prayers of people whom He did not call to salvation at this time, when
He sees genuine remorse on their part. He listened to the prayer of the
Ninivites and spared their city (Jonah 3:5-10). Jesus confirmed later
that their “repentance” was sufficient for God to relent from the
disaster that He had intended to bring upon them (Matthew 12:41).

Christ
listened to the prayer of a Gentile woman and healed her young
daughter, by casting out a demon, when He saw her faith (Mark 7:25-30).
In that case, we don’t even know whether she was conscious of, and
whether she had repented of her sins, but God honored her faith in Him.
God says that until He calls someone to repentance, He overlooks the
time of ignorance (Acts 17:30), but even then, He desires that people
“seek the Lord, in the hope that they might grope for Him and find Him,
though He is not far from each one of us” (Acts 17:27).

Someone
who is looking to God and who is trying to do what is right, as much as
he or she understands it, might very well be heard by God. Christ
healed many people who had faith in Him, even though they did not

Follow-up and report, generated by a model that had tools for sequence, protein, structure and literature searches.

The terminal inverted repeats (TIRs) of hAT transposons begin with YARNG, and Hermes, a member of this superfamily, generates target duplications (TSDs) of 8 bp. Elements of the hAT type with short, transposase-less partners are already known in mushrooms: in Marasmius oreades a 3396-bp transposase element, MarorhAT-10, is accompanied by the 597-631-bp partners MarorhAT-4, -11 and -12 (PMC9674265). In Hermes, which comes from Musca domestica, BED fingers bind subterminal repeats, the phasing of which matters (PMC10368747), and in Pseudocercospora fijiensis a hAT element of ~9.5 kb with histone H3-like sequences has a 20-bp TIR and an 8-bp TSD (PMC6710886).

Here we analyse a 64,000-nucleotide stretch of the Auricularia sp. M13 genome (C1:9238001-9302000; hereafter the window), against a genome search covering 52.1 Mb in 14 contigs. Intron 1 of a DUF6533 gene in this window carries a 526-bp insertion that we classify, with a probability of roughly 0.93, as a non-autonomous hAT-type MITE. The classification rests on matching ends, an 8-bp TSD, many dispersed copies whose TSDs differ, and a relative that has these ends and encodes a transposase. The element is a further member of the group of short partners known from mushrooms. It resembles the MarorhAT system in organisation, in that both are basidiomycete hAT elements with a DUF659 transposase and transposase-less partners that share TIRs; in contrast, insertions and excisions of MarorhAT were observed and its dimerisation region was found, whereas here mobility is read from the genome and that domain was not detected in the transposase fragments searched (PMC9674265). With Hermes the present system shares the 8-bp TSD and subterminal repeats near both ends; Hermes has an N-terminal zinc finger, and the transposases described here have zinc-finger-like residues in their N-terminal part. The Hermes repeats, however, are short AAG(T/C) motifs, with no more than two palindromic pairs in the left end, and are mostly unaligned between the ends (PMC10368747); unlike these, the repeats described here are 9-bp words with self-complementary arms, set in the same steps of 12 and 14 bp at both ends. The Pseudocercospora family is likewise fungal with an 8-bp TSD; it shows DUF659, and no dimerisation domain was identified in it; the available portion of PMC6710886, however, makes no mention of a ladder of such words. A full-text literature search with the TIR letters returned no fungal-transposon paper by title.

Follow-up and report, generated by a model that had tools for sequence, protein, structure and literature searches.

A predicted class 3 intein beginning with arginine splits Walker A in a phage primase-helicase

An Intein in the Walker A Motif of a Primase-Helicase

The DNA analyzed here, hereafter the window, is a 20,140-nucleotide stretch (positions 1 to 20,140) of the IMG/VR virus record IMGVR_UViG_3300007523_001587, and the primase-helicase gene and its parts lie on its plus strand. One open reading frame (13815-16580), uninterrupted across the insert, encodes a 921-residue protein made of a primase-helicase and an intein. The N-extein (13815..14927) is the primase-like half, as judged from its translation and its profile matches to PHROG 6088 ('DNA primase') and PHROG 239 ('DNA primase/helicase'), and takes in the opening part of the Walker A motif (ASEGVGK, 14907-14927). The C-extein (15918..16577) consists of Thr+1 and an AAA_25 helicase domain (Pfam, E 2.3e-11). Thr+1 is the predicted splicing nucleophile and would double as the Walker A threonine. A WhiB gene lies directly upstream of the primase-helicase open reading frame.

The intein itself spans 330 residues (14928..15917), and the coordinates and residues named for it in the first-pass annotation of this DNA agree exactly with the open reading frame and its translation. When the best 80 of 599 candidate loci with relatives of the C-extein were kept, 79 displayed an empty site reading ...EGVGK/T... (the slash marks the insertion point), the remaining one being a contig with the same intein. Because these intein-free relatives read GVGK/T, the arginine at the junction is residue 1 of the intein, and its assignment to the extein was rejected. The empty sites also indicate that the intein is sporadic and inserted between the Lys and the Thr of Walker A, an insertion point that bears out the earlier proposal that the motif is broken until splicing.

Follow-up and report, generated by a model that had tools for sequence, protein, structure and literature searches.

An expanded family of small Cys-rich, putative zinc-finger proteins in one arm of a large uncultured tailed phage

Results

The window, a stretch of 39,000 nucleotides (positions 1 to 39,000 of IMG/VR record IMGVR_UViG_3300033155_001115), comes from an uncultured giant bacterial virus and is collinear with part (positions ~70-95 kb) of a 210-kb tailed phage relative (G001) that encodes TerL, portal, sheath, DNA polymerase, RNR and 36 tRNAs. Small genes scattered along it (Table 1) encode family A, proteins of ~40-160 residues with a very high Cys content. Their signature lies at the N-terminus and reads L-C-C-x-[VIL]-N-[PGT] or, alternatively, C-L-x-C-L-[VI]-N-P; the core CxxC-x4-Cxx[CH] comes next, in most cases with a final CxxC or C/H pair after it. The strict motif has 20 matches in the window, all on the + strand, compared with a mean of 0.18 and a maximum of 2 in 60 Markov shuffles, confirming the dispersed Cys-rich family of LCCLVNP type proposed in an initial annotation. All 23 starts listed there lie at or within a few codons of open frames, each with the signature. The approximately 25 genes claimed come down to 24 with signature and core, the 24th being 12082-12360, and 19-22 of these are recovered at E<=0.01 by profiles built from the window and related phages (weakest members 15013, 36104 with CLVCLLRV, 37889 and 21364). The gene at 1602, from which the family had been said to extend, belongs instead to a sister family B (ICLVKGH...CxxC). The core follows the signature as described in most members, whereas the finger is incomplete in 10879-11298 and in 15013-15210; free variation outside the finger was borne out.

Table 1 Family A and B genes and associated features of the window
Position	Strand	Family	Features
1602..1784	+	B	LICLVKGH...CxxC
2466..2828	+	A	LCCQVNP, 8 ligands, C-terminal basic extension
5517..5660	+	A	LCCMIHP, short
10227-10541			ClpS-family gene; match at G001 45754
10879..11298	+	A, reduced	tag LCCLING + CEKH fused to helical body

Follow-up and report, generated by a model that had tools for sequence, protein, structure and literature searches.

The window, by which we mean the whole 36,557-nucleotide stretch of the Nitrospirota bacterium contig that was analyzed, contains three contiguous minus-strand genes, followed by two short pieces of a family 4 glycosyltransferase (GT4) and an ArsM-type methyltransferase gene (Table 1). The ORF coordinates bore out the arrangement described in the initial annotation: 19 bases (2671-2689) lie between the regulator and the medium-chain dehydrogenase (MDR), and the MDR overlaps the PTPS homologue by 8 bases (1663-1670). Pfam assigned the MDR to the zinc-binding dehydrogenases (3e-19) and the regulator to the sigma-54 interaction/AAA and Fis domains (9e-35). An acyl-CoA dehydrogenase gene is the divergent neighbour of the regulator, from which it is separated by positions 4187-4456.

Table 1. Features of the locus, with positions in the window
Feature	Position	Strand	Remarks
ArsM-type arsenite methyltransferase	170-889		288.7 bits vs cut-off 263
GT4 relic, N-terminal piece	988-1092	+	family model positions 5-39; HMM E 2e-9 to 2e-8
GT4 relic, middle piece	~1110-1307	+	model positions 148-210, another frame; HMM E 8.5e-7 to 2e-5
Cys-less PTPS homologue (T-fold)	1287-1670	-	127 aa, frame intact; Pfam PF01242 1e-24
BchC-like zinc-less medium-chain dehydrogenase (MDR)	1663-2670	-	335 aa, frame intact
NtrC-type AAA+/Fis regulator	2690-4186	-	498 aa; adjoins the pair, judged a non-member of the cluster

understand many things about God and His Way of Life. But once God
calls us to salvation, He expects of us to respond to His call, repent,
get to know Him and His Way better, and to obey Him. We have to forsake
the ways of this world and choose to live God’s Way of Life. 1 John
3:22 says: “And whatever we ask we receive from Him, because we keep
His commandments and do those things that are pleasing in His sight.”
And 1 John 5:14 adds: “Now this is the confidence that we have in Him,
that if we ask anything according to His will, He hears us.”

However,
if we continue to openly rebel against God; refuse to listen to Him and
His Word; refuse to repent of our sins; refuse to keep His law and to
be obedient to Him; then God will not listen to our prayers. If we want
to remain “sinners,” even though we have been taught the truth–if we
choose to continue to follow the dictates and devices of our own evil
heart–then we cannot expect to be heard on high.

Lead Writer: Norbert Link